Improv C II
Didn’t jot down my notes on last week’s class, mostly because it was draining, hard and we sucked pretty bad. Heh. But here are my brief notes on that:
After a quick Blow-wind-blow game, Jason started the class with a mini lecture using Star Wars analogy to illustrate the ingredients needed for an engaging story, starting with the set up, the finding of the stairs, the walking up the stairs, the climax, and the breather before the end. He couldn’t stress enough how we had to jump right onto the stairs whenever we started a scene, and then keep walking up those stairs to get to the climax.
While in the first week we practiced object work and focus work, the objective of last week’s class was on the use of emotions to heighten a scene. And it’s hard, not to mention completely exhausting.
One of the games we played was Emotion Scale Work, where two people would go up on stage and take two emotion suggestions and a scene suggestion from the audience. They would then start the scene with those given emotions, gradually bringing the emotions up from a level one to a level 10. That was hard work; nobody got up to a 10, though Vanessa nearly did with her excellent characterization of someone terrified to ride in roller coasters, so terrified, she was literally shaking and weeping in her seat. Maddy and Robert also elicited many laughs for their hotel room scene where Maddy pretended to be a desperate woman who killed her friend’s mum. I had a scene with Dan in the horse stable, where he was whiny and I pretended to be silly by going as far as licking his hand.
We played a few more games that really focused on how we treated the others, depending on how we felt towards them. In one game which we played in groups of four, we each had to mentally decide whom we were going to like, hate, and not give a damn about. We then had to show our feelings towards those people in the course of the scene. In another variation, Jason gave us each a poker card. We had to treat the people depending on the number on their card. I played this game twice. In the first, we were in the middle of a war zone. Bridget and Maddy had the lowest number on the card, so we assigned them to the front line and them bade them to “die with dignity.” In the second, we were randomly assigned the role of President, Vice President, Senator, Reporter and Tourist, with the Tourist accorded the highest status.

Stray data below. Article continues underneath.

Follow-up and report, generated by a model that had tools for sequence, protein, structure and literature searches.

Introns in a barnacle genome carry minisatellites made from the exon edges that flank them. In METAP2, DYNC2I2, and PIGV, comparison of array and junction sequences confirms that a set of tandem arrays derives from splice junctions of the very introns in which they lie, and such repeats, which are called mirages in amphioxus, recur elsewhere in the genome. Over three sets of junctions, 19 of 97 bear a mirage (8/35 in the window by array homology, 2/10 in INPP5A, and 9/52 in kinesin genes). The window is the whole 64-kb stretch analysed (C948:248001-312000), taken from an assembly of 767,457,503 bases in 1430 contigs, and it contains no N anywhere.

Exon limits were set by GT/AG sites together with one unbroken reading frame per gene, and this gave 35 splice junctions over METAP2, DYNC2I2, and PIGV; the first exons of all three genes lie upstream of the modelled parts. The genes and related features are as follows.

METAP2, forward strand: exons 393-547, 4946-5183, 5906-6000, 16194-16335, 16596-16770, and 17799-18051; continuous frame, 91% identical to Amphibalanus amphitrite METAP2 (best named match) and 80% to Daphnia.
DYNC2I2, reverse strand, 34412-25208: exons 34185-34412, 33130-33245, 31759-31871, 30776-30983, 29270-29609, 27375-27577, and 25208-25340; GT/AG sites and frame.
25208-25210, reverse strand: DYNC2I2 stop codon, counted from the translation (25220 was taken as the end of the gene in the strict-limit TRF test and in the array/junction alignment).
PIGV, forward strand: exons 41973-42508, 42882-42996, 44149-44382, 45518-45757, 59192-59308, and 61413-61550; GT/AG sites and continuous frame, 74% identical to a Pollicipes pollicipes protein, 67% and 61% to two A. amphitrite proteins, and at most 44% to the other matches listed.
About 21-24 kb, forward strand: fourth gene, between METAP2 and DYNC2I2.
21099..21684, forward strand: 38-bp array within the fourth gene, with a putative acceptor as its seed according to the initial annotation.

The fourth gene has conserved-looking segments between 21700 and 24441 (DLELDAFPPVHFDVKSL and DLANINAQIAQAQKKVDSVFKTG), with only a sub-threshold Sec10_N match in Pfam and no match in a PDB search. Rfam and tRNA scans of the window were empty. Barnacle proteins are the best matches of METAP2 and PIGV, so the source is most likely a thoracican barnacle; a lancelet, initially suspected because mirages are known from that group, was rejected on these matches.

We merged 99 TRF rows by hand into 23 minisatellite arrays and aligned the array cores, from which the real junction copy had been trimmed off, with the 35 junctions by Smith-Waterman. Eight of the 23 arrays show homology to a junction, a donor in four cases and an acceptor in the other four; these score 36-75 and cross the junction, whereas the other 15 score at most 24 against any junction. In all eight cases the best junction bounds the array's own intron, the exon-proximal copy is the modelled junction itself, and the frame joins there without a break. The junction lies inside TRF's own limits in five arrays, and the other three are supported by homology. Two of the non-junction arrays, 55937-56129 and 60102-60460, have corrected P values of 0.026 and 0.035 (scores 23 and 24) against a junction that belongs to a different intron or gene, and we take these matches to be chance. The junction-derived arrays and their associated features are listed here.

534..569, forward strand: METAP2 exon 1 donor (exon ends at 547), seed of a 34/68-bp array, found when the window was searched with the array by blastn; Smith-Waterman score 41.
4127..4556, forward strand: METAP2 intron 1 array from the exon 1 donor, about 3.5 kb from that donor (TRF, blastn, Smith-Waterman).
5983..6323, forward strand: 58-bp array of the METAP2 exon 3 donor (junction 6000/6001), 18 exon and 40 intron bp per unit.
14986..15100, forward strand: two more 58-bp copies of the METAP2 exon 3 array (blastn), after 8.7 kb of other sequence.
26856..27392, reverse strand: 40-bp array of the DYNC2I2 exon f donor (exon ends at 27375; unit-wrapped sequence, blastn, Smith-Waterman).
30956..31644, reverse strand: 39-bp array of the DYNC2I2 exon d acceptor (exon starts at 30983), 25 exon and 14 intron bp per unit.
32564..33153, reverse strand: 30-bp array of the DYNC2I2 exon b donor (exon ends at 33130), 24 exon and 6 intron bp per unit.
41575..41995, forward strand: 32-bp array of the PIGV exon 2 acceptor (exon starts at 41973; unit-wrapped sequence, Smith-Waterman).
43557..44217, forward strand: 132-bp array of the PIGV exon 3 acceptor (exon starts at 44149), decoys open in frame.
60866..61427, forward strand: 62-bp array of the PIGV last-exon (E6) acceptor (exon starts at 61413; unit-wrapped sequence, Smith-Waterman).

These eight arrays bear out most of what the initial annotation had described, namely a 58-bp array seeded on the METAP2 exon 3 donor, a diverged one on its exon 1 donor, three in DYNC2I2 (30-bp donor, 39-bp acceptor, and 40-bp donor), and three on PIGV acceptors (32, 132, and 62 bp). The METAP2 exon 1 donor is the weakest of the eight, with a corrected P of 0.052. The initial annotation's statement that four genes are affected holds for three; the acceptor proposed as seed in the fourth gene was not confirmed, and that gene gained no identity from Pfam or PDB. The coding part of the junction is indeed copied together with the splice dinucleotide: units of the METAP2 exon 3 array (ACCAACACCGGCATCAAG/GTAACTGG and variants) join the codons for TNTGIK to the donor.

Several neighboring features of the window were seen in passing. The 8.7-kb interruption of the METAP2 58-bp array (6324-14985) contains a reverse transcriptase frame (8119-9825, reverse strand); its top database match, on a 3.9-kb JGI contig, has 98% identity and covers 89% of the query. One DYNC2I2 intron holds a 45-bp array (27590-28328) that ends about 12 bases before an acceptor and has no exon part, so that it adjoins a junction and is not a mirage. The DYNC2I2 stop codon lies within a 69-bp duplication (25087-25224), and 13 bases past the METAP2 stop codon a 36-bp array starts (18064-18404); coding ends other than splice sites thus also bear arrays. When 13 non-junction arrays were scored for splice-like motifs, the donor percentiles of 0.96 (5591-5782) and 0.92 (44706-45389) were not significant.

Improv C III
I was tempted to just stay in the night to watch my latest Grey’s Anatomy DVD… Evidently, many others must have found other distractions they deemed more interesting, because only 9 out of 16 people showed up for class yesterday. I’m not complaining in the least, since we got in more practice time.
We started the class with Conductive Griping (which Jason hinted that he might use as one of our games). He made people toss out suggestions of everyday pet peeves; I suggested someone who smells, someone said people who won’t stop talking about their kids, another one mentioned people who keep chewing their gum when talking to you, and someone else said people who talk on their cellphones while on the train. Jason then made us take on someone else’s suggestion. It must be karma or something, but I had to gripe about people who talk on their cellphones while on the train, and surprise surprise, I was on the phone with Julia my entire bus ride down to class… Erm.
Next, we played the “I have a secret” game. We went on stage in groups of three, where each person had to think up a secret they had for each of the other person. For example, person A’s secret of B could be that he knew B dying of cancer and he felt sorry for B, but C was in the dark. A also knew that C had cheated on her husband, and loathed her for that, though he had no intention of telling B the truth. A, B, and C then had to act out a scene suggested by the audience where they would make the secrets known not through direct disclosure, but by their demeanor towards the other person, and their reactions to them. It was pretty funny – I was up on stage with Kathy and George, and my secrets were that Kathy was pregnant and I was terrified that she was not going to take proper care of herself, and that George had just won the lottery and I was miffed that he was still as miserly as ever and did not want to splurge. Our suggested scene was Oktoberfest –Kathy started off wanting to get some beer and I immediately vetoed the idea. Instead of merely just yelling at her to lay off the drinks and try some non-alcoholic beer instead, Jason suggested that I slap the beer mug out of her hand. And when George started griping about Kathy not buying rounds for everyone, I chewed him out, and told him that he could well afford to buy the rounds. What made the scene hilarious was that we had independently thought of similar secrets: George’s secret was that he hated that Kathy was rich but miserly, and Kathy was celebrating the fact that I had recently given birth and could thus drink again.